Strength Basics

Getting stronger, fitter, and healthier by sticking to the basics. It's not rocket science, it's doing the simple stuff the right way. Strength-Basics updates every Monday, plus extra posts during the week.

Monday, August 9, 2010

Book Review: The Muscular System

By Adams, Amy
Published August 30, 2004
240 pages

The Muscular System is an introductory text about, you guessed it, the human muscular system. The subject is covered broadly rather than in depth. It's more of a basic overview of both skeletal and smooth muscles, and how they work, and less of an in-depth guide to any particular aspect. Skeletal muscle are what we normally think of when someone says muscles - the muscles that attach to our skeleton and help us stand, move, and lift objects. Smooth muscles are those organ muscles, such as the heart, which are not physically dependent on the skeletal system and which we, generally, don't have much control over.

The book consists of 10 chapters:

1 - Anatomy of the Muscular System
2 - Energy Use by Muscles
3 - Muscular Adaptation to Exercise
4 - Development of the Muscular System
5 - Early Discoveries in Muscle Anatomy and Physiology
6 - Current Approaches to Understanding the Muscular System
7 - Muscular Injuries
8 - Muscular Dystrophy
9 - Other Diseases of the Skeletal Muscles
10 - Diseases of the Heart Muscle acronyms, a glossary, and additional reference sources.

Each chapter covers its subject broadly, starting from the very basics and then getting into a series of related sub-topics. Each sub-section is carefully explained, and studies are often cited in each section to further explain or support the information. Additional boxed text, as well as pictures, illustrations, and graphs, add to the text's message and help clarify points made in the text.

These sections are good - you'll find discussions of muscle knots vs. muscle sprains in chapter 7, for example, and left-right discrepancies in muscular development (you aren't the same from one side to another). But sometimes they have just enough information to tell you that you need to learn more. For example, the section on musculature in the 50+ population says that muscle size drops steadily after age 50, and this can be halted to an extent with training. But it doesn't discuss what kind of training beyond endurance vs. strength training, no word on methodology, or even if muscular mass is more important than raw strength or power (ability to apply strength with speed). You just don't know, and need to find out more. This is fine an introductory text, but it does feel like a limitation when you read the text. You want and need more but you don't have a path to getting it.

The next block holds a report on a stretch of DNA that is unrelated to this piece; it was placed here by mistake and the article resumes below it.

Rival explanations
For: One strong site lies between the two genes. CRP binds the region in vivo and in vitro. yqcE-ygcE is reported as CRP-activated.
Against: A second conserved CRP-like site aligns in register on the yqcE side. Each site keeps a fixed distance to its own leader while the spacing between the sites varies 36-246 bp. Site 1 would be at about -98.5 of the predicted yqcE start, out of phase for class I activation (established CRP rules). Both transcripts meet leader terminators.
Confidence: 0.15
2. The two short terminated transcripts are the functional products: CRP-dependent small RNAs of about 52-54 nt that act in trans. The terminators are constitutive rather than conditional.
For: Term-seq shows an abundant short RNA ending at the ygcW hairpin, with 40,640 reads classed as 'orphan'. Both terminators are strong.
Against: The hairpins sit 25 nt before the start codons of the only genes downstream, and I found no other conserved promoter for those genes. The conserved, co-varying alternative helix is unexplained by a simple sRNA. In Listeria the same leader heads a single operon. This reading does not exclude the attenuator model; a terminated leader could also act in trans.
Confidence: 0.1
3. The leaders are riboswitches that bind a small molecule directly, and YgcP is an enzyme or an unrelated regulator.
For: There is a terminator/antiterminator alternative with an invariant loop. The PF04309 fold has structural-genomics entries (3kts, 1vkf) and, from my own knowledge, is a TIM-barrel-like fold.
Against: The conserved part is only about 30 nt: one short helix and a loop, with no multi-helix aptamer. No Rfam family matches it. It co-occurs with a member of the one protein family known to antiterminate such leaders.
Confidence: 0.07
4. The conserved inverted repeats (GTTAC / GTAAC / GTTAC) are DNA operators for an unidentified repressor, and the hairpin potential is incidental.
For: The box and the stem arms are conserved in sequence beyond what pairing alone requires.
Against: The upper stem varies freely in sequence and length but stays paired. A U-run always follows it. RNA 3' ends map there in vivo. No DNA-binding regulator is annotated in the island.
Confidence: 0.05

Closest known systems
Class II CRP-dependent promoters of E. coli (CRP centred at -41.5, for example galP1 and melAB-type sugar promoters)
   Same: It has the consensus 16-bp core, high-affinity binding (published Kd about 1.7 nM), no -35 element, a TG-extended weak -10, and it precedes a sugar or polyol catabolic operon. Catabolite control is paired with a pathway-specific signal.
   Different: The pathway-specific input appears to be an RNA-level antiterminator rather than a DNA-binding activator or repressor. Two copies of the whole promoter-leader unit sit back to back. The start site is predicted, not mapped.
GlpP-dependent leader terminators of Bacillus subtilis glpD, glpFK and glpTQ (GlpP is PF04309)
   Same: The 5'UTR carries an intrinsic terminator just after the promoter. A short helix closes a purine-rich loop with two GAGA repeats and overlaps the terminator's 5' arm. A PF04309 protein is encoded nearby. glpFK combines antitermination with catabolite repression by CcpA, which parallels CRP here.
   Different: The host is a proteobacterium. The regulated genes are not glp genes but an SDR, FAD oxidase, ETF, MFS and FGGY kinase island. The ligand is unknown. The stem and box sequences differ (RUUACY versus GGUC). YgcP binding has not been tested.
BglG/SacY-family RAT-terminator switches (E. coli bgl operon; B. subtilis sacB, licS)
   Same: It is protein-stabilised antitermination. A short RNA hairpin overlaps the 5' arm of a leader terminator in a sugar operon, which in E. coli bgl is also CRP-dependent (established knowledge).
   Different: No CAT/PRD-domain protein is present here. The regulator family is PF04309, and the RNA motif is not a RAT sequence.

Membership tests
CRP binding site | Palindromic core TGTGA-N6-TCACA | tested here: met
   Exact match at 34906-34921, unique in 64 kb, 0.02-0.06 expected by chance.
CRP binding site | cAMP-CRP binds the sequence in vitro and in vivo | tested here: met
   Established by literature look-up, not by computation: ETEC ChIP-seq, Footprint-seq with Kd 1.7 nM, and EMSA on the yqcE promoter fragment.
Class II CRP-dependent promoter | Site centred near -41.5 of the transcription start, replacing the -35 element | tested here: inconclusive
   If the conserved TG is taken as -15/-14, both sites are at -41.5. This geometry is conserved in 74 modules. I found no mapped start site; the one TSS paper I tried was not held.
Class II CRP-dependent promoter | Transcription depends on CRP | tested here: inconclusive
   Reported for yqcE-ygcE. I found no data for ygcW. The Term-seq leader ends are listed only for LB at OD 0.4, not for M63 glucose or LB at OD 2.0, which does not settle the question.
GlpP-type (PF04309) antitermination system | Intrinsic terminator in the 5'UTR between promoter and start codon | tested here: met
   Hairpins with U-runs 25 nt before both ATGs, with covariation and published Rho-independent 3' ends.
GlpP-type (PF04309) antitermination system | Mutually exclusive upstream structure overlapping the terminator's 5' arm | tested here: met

As a depressing aside, it's amazing and saddening how many of our studies on musculature are based on rats, not humans. A lot of what we know about muscles is extrapolated from animal studies. This is for a lot of good reasons, but it also means that much if it is "if the same is true in humans..." and not "studies in humans have shown..." Recently studies have shown human men and human women have differences in responses to training, protein intake, creatine kinase release after exercise, and so on - nevermind comparing species to species.

Content: 4 out of 5. Everything in it is on-target and well done. It's pretty basic, which is good, but sometimes it is a little too basic and misses a chance to more fully explain the concepts inside.
Presentation: 5 out of 5. Easy to read, laid out well, and illustrated well. The charts and illustrations are pertinent, clear, and reinforce the points being discussed.

Overall: A very good introduction to the muscular system. Sadly not worth the very high price tag. Worth checking out of the library and reading if you need a basic understanding of the human muscular system.

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